Confidence Interval

A confidence interval should be presented along with estimates of the relative risk, odds ratio, or other parameter in order to give a range of plausible values for the parameter being estimated. A 95% confidence interval of 1.46–2.75 around a point estimate of relative risk of 2.00, for instance, indicates that a relative risk of less than 1.46 or greater than 2.75 can be ruled out at the 95% confidence level, and that a statistical test of any relative risk outside the interval would yield a probability value less than 0.05.

Attributable Fraction

Provided that the association between a risk factor and a disease is causal (see the section titled ‘Guidelines for Assessing Causation from Observational Studies’ below), the attributable fraction provides a rough indication of the proportion of disease occurrence that potentially would be eliminated if exposure to the risk factor were prevented. It should not, however, be confused with the proportion of cases caused by the exposure or the probability of causation. The attributable fraction can be calculated either for exposed individuals only or for the population as a whole. In a cohort study, the attributable fraction for the exposed can be computed as

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or, equivalently

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The attributable fraction for the population can be computed as

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or, equivalently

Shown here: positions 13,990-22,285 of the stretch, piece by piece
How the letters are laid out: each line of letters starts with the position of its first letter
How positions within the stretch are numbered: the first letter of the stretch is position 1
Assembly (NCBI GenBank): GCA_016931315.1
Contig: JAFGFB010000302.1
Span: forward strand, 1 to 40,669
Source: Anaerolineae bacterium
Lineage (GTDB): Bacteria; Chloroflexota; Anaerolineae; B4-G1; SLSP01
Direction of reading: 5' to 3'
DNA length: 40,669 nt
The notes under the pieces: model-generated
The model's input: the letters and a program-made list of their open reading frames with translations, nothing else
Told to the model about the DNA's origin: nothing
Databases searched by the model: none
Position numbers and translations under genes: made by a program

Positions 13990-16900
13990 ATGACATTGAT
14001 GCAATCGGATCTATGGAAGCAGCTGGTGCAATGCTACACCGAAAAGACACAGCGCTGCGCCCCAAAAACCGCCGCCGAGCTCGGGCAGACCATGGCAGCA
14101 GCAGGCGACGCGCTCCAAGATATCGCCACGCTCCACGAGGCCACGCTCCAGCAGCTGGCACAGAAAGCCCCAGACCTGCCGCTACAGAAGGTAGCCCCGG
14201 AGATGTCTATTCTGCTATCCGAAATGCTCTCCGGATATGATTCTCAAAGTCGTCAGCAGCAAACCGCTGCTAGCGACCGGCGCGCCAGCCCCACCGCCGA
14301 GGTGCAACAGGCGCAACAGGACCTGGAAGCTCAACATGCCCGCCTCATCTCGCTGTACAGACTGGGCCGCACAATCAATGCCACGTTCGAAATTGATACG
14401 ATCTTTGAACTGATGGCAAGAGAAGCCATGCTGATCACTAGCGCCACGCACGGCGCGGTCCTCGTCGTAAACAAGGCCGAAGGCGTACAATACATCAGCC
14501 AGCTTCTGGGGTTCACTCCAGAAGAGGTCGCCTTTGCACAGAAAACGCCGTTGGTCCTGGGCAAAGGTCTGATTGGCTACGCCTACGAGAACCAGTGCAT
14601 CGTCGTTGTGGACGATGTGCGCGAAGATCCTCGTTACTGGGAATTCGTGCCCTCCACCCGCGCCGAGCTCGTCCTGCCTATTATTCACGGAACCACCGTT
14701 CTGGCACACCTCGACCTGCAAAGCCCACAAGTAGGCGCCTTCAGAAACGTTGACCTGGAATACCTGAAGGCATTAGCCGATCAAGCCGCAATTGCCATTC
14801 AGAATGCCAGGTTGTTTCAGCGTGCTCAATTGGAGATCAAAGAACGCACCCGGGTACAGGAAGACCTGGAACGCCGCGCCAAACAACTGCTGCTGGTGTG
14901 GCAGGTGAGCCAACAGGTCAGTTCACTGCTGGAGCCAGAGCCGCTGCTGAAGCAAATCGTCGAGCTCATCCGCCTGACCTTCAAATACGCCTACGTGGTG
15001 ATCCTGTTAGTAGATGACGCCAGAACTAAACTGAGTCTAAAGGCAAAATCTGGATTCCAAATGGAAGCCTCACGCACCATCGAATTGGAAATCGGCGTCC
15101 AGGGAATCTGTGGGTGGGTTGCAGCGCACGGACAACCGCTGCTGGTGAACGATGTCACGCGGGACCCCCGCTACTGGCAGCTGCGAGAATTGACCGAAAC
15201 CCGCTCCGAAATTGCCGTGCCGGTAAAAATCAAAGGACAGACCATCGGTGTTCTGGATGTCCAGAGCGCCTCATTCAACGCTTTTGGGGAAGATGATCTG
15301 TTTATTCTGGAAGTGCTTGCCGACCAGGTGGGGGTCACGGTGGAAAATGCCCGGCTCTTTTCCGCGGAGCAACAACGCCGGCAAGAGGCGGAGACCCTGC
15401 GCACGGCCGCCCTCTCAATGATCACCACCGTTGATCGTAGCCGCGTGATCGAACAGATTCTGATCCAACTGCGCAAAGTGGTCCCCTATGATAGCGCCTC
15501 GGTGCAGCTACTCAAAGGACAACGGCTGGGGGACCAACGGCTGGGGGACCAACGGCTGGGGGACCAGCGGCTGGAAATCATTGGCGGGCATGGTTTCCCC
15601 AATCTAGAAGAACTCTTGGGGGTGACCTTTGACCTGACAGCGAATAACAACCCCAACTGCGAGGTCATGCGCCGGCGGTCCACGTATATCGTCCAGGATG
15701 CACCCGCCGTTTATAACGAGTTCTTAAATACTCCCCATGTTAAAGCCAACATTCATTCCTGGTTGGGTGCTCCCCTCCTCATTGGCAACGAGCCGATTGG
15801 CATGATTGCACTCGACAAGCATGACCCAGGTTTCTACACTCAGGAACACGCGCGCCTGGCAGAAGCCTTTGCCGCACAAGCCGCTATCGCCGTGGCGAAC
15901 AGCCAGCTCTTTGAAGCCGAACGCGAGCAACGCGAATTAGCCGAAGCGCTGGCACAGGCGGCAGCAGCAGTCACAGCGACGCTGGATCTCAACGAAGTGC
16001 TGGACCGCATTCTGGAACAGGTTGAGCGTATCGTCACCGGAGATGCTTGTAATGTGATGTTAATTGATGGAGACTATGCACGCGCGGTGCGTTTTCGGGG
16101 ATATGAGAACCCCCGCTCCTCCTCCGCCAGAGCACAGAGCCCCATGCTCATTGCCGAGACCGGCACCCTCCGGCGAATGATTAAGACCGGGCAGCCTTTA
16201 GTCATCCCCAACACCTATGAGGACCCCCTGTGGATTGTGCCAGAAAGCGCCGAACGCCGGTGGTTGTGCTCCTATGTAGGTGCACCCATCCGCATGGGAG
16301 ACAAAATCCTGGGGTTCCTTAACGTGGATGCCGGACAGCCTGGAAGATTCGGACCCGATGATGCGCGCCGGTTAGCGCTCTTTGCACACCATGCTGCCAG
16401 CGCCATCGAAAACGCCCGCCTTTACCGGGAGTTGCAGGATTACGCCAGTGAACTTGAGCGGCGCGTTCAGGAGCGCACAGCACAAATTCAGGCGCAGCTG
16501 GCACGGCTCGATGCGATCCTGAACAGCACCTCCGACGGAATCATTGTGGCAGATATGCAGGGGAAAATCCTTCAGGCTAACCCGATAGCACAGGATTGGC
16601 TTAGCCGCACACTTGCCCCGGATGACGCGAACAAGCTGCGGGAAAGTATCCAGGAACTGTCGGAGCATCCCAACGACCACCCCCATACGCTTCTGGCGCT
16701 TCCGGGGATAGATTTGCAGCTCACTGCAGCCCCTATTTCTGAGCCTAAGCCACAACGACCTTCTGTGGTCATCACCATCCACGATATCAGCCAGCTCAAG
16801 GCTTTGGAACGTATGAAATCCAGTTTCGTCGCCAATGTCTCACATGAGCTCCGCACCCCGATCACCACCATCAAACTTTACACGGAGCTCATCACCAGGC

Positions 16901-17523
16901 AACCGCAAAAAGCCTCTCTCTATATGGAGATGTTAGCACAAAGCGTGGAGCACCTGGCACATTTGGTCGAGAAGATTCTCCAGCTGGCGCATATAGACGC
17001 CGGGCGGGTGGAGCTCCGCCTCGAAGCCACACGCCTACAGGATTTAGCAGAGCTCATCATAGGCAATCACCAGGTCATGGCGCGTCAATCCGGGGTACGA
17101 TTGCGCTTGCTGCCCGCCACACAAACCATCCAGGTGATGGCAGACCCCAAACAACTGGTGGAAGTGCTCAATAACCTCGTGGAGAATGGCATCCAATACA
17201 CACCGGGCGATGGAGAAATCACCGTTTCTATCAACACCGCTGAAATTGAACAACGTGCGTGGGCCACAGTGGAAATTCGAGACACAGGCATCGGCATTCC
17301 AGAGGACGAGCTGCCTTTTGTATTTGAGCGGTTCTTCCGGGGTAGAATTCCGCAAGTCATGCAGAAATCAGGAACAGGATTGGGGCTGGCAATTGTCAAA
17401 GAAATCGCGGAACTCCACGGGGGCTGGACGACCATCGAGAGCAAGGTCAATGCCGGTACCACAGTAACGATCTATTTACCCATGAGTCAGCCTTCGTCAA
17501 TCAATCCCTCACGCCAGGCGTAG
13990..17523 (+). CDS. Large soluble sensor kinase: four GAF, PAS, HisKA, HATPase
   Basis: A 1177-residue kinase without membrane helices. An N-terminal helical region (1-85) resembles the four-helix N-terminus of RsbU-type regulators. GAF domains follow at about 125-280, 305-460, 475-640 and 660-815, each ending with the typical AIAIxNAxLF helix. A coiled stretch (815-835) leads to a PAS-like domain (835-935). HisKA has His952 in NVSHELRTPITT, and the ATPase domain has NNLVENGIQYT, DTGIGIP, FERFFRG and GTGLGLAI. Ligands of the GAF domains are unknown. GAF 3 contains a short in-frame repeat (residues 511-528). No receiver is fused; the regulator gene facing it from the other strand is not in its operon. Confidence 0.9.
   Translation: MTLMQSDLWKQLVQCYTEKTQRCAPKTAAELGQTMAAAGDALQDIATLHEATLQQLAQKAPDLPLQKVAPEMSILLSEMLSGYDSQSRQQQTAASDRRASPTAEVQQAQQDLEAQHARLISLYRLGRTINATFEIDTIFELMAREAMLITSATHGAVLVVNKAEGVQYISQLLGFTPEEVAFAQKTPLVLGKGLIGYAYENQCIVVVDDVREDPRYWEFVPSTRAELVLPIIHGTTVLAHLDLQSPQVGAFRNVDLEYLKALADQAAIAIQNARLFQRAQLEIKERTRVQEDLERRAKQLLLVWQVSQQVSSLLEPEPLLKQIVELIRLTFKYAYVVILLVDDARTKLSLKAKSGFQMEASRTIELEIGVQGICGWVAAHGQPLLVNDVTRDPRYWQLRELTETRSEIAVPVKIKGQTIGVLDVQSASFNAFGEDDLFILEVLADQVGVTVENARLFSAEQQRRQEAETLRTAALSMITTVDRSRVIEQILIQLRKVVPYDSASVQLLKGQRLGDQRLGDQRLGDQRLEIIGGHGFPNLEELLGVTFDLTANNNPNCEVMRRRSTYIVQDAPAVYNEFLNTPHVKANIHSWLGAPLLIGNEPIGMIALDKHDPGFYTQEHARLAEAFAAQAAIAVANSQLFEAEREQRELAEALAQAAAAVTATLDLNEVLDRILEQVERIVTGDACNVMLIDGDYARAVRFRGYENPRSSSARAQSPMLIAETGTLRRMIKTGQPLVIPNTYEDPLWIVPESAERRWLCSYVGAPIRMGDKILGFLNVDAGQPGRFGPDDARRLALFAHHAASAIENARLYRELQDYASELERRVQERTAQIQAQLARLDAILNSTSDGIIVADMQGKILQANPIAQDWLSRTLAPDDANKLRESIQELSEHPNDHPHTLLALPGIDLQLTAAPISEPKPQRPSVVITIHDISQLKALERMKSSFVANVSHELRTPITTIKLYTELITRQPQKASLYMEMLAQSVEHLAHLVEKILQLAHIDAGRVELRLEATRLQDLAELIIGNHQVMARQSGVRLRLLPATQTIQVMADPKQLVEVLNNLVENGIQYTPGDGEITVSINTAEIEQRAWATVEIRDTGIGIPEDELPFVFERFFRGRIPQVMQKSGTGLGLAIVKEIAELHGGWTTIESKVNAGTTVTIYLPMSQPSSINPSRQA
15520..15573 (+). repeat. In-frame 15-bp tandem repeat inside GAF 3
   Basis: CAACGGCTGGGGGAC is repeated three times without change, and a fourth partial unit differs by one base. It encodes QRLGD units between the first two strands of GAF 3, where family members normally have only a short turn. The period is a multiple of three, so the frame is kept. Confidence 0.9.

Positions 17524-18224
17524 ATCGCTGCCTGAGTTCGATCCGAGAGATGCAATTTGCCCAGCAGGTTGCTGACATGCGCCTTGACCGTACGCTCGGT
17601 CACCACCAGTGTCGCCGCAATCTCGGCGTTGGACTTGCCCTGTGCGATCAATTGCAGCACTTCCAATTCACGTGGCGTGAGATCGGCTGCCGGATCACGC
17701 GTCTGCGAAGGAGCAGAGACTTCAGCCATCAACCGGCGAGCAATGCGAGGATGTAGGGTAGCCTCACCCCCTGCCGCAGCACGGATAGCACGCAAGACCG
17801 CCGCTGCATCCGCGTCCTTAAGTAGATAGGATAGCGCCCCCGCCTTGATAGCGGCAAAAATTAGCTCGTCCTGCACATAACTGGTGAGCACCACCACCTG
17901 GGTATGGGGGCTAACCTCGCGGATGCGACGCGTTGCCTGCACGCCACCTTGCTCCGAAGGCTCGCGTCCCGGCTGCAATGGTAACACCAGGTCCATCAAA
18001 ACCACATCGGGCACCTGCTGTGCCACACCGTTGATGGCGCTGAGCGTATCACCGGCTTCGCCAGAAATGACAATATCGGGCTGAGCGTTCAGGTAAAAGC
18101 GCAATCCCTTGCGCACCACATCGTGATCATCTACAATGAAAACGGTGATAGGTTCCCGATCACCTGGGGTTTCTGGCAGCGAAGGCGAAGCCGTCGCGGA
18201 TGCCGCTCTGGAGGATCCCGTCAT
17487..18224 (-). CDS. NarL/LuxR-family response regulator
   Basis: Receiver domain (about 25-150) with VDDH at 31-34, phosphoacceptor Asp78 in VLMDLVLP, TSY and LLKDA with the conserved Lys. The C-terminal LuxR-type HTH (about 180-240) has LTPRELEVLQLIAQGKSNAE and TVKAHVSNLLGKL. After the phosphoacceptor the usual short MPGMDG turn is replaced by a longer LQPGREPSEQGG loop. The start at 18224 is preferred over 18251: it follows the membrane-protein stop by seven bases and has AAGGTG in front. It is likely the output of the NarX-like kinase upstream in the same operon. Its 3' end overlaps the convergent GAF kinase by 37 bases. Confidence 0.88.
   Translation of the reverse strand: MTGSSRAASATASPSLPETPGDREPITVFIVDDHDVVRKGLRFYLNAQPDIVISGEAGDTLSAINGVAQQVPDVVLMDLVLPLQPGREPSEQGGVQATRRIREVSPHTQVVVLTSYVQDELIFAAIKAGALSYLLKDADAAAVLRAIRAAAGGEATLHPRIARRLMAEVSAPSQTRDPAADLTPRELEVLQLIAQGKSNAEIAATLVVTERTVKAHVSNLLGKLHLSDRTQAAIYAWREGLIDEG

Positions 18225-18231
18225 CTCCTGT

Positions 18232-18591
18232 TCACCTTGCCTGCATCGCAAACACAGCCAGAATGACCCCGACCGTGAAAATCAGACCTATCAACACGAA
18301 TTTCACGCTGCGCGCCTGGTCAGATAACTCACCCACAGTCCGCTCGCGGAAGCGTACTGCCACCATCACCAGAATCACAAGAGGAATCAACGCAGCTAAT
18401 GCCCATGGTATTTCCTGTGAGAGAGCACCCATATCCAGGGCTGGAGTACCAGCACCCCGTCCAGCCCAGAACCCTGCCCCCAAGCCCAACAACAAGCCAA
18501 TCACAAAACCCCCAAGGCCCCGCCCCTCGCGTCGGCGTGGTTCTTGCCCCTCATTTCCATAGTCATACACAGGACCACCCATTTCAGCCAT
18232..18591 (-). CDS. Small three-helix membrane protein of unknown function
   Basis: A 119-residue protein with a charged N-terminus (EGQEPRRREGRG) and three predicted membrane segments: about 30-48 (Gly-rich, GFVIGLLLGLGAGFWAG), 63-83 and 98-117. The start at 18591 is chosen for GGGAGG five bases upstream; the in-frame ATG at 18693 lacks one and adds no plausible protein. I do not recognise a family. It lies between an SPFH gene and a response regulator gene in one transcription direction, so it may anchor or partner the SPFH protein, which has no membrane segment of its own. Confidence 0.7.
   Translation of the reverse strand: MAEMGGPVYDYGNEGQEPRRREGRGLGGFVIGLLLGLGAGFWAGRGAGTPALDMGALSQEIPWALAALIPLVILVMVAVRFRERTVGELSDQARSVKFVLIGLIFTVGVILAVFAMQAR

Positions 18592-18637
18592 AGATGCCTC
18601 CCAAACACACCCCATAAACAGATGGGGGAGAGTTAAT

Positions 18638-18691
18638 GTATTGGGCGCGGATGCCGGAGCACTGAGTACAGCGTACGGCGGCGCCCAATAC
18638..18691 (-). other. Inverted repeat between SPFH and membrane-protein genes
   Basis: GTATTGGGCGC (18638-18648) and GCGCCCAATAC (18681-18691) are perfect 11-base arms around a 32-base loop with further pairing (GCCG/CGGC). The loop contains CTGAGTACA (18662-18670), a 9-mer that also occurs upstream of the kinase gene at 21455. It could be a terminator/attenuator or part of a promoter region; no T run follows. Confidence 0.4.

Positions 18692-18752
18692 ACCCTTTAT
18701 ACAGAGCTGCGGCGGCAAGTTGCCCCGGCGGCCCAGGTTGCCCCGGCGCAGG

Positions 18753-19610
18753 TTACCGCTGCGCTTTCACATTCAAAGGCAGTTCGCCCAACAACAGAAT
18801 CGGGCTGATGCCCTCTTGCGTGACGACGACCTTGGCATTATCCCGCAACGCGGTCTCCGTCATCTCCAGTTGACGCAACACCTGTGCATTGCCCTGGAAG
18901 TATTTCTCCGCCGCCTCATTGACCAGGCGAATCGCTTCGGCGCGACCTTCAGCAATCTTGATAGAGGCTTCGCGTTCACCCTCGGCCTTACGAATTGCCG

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In case-control studies of uncommon diseases, the odds ratio can be substituted for the relative risk to provide a good approximation to the attributable fraction that would be computed using the relative risk.

It is important to note that in the presence of confounding, other formulae must be used to estimate attributable fractions.

Measurement Error

Inaccurate measurement can lead to erroneous conclusions. The possibility of measurement error is of concern for most variables considered in observational epidemiologic studies. Exposures such as diet and physical activity are almost always measured by questionnaire, and their measurement can entail a great deal of error. Measurement of some diseases such as arthritic disorders and psychiatric disorders is difficult because of the frequent absence of definitive diagnostic criteria.

The validity or accuracy of a measurement refers to the average closeness of the measurement to the true value. Reliability or reproducibility refers to the extent to which the same value of the measurement is obtained on the same occasion by the same observer, on multiple occasions by the same observer, or by different observers on the same occasion. Precision refers to the amount of variation around the measurement or estimate; a precise measure will have a small amount of variation around it, but may or may not be valid. Measurement error is said to be differential if the magnitude of error for one variable differs according to the actual value of other variables, and nondifferential if the magnitude or error in one variable does not vary according to the actual value of other variables. In a 2 ×2 table (e.g., exposure present or absent, disease present or absent), nondifferential misclassification always causes the relative risk or odds ratio to be closer to 1.0 than the true value, provided that errors in measurement of the two variables are independent. Dependent, or differential, misclassification, on the other hand, can cause associations to be overestimated or underestimated, depending on the circumstances.